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Automobile ownership and government policy: The economics of Singapore's vehicle quota scheme

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Author Info

  • Chin, Anthony
  • Smith, Peter

Abstract

Rapid growth in real income in many countries of South-East Asia has led to large increases in the ownership and usage of automobiles. In many major cities this has resulted in chronic traffic congestion. Singapore has so far avoided the worst excesses of this problem, by a series of policy measures aimed at controlling automobile ownership as well as usage. In the latest moves (from 1990), a quantity rationing system has been introduced to impose close control on the number of additional automobiles allowed in Singapore, augmenting a battery of price-based policies introduced over the previous 15 yr. This paper examines the theoretical basis for this switch in the focus of policy, and presents an econometric investigation intended to evaluate the overall success of the programme in controlling the automobile population.

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Bibliographic Info

Article provided by Elsevier in its journal Transportation Research Part A: Policy and Practice.

Volume (Year): 31 (1997)
Issue (Month): 2 (March)
Pages: 129-140

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Handle: RePEc:eee:transa:v:31:y:1997:i:2:p:129-140

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Cited by:
  1. Muthukrishnan, Subhashini, 2010. "Vehicle ownership and usage charges," Transport Policy, Elsevier, vol. 17(6), pages 398-408, November.
  2. Winston Koh & Roberto Mariano & Yiu Kuen Tse, 2007. "Open vs. sealed-bid auctions: testing for revenue equivalence under Singapore's vehicle quota system," Applied Economics, Taylor & Francis Journals, vol. 39(1), pages 125-134.
  3. Barter, Paul A., 2005. "A vehicle quota integrated with road usage pricing: A mechanism to complete the phase-out of high fixed vehicle taxes in Singapore," Transport Policy, Elsevier, vol. 12(6), pages 525-536, November.
  4. Sing-Fat Chu & Winston T.H. Koh & Yiu Kuen Tse, 2003. "Expectations Formation and Forecasting of Vehicle Demand: An Empirical Study of the Vehicle Quota Auctions in Singapore," Working Papers 02-2004, Singapore Management University, School of Economics.
  5. Yang, Hai & Wang, Xiaolei, 2011. "Managing network mobility with tradable credits," Transportation Research Part B: Methodological, Elsevier, vol. 45(3), pages 580-594, March.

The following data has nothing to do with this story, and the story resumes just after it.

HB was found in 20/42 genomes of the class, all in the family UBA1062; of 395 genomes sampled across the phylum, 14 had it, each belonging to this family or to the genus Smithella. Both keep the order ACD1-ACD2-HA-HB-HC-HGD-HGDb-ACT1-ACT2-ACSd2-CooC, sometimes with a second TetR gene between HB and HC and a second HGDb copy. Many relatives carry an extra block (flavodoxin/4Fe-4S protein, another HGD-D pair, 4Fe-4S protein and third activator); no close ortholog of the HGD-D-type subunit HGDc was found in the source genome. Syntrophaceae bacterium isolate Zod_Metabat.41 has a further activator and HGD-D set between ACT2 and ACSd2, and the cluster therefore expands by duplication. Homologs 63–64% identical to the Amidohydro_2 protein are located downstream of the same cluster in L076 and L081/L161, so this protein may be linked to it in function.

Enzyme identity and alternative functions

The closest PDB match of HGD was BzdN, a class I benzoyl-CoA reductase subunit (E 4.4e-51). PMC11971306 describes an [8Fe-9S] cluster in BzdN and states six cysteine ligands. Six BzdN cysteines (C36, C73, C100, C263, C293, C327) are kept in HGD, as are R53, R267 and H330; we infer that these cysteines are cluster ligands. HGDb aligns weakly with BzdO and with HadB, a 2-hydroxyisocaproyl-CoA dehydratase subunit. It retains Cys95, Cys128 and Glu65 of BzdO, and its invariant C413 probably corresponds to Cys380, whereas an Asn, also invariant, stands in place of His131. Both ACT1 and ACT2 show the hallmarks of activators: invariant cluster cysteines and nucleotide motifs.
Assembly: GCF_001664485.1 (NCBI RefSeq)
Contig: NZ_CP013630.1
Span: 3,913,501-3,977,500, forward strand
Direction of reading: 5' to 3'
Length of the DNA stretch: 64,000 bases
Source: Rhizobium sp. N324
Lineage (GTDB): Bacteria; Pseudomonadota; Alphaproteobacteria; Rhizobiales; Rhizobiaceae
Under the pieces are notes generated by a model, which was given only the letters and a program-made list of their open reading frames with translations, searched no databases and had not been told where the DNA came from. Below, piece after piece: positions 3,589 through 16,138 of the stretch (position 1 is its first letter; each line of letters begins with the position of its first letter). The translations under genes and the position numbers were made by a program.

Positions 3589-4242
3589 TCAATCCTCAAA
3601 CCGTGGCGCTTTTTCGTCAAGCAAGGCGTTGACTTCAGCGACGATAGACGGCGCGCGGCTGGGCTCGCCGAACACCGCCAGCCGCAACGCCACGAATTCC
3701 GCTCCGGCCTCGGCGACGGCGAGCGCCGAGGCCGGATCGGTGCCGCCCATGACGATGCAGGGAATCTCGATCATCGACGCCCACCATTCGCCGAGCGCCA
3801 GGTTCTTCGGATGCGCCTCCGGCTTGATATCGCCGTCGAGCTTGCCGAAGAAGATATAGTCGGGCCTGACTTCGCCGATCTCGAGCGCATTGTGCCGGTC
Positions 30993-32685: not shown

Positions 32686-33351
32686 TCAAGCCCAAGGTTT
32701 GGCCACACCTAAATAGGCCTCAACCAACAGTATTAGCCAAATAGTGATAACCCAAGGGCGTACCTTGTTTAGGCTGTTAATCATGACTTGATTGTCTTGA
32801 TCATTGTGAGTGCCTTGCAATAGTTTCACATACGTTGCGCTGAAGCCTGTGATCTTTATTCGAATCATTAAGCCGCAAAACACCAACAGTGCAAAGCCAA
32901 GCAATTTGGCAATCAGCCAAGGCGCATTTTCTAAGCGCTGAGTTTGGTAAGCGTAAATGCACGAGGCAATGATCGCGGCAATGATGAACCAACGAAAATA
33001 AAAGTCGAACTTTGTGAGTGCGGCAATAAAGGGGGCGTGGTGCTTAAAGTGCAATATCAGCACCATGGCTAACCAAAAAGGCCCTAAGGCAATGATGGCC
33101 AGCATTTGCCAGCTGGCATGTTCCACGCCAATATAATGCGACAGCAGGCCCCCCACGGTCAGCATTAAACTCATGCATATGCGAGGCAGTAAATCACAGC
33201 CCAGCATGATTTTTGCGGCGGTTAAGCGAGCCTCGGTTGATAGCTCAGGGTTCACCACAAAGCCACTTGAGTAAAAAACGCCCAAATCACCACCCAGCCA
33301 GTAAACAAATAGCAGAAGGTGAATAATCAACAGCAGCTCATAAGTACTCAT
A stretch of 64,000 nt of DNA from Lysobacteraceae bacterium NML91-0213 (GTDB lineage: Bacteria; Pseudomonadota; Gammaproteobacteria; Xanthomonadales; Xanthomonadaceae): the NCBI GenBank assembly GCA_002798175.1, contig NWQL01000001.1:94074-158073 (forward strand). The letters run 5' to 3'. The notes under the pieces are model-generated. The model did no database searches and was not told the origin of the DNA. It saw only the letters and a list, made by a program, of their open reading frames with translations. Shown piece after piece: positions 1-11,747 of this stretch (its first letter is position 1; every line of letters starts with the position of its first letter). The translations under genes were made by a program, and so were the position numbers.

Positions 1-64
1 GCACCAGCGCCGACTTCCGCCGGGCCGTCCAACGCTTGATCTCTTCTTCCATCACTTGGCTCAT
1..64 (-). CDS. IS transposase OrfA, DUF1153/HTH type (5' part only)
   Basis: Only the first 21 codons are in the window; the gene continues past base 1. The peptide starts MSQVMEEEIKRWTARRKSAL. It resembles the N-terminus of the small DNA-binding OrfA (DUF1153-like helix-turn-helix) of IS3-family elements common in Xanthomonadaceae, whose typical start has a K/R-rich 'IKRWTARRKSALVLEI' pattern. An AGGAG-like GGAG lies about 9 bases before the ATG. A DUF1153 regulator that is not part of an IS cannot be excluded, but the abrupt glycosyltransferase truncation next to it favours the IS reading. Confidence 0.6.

6. Wang, Rui, 2010. "Shaping urban transport policies in China: Will copying foreign policies work?," Transport Policy, Elsevier, vol. 17(3), pages 147-152, May.
  7. Chu, Singfat, 2012. "Allocation flexibility and price efficiency within Singapore’s Vehicle Quota System," Transportation Research Part A: Policy and Practice, Elsevier, vol. 46(10), pages 1541-1550.
  8. Ingram, Gregory K. & Zhi Liu, 1999. "Determinants of motorization and road provision," Policy Research Working Paper Series 2042, The World Bank.
  9. Cameron, I. & Lyons, T. J. & Kenworthy, J. R., 2004. "Trends in vehicle kilometres of travel in world cities, 1960-1990: underlying drivers and policy responses," Transport Policy, Elsevier, vol. 11(3), pages 287-298, July.
  10. Hao, Han & Wang, Hewu & Ouyang, Minggao, 2011. "Comparison of policies on vehicle ownership and use between Beijing and Shanghai and their impacts on fuel consumption by passenger vehicles," Energy Policy, Elsevier, vol. 39(2), pages 1016-1021, February.
  11. Singfat Chu, 2011. "Sealed v/s open bids for certificates of entitlement under the vehicle quota system in Singapore," Transportation, Springer, vol. 38(2), pages 215-226, March.
  12. Doshi, Tilak K. & D’Souza, Neil Sebastian, 2013. "Development Trajectories, Emission Profile, and Policy Actions: Singapore," ADBI Working Papers 424, Asian Development Bank Institute.
  13. Ingram, Gregory K. & Zhi Liu, 1997. "Motorization and the provision of roads in countries and cities," Policy Research Working Paper Series 1842, The World Bank.
  14. Koh, Winston T. H., 2003. "Control of vehicle ownership and market competition: theory and Singapore's experience with the vehicle quota system," Transportation Research Part A: Policy and Practice, Elsevier, vol. 37(9), pages 749-770, November.

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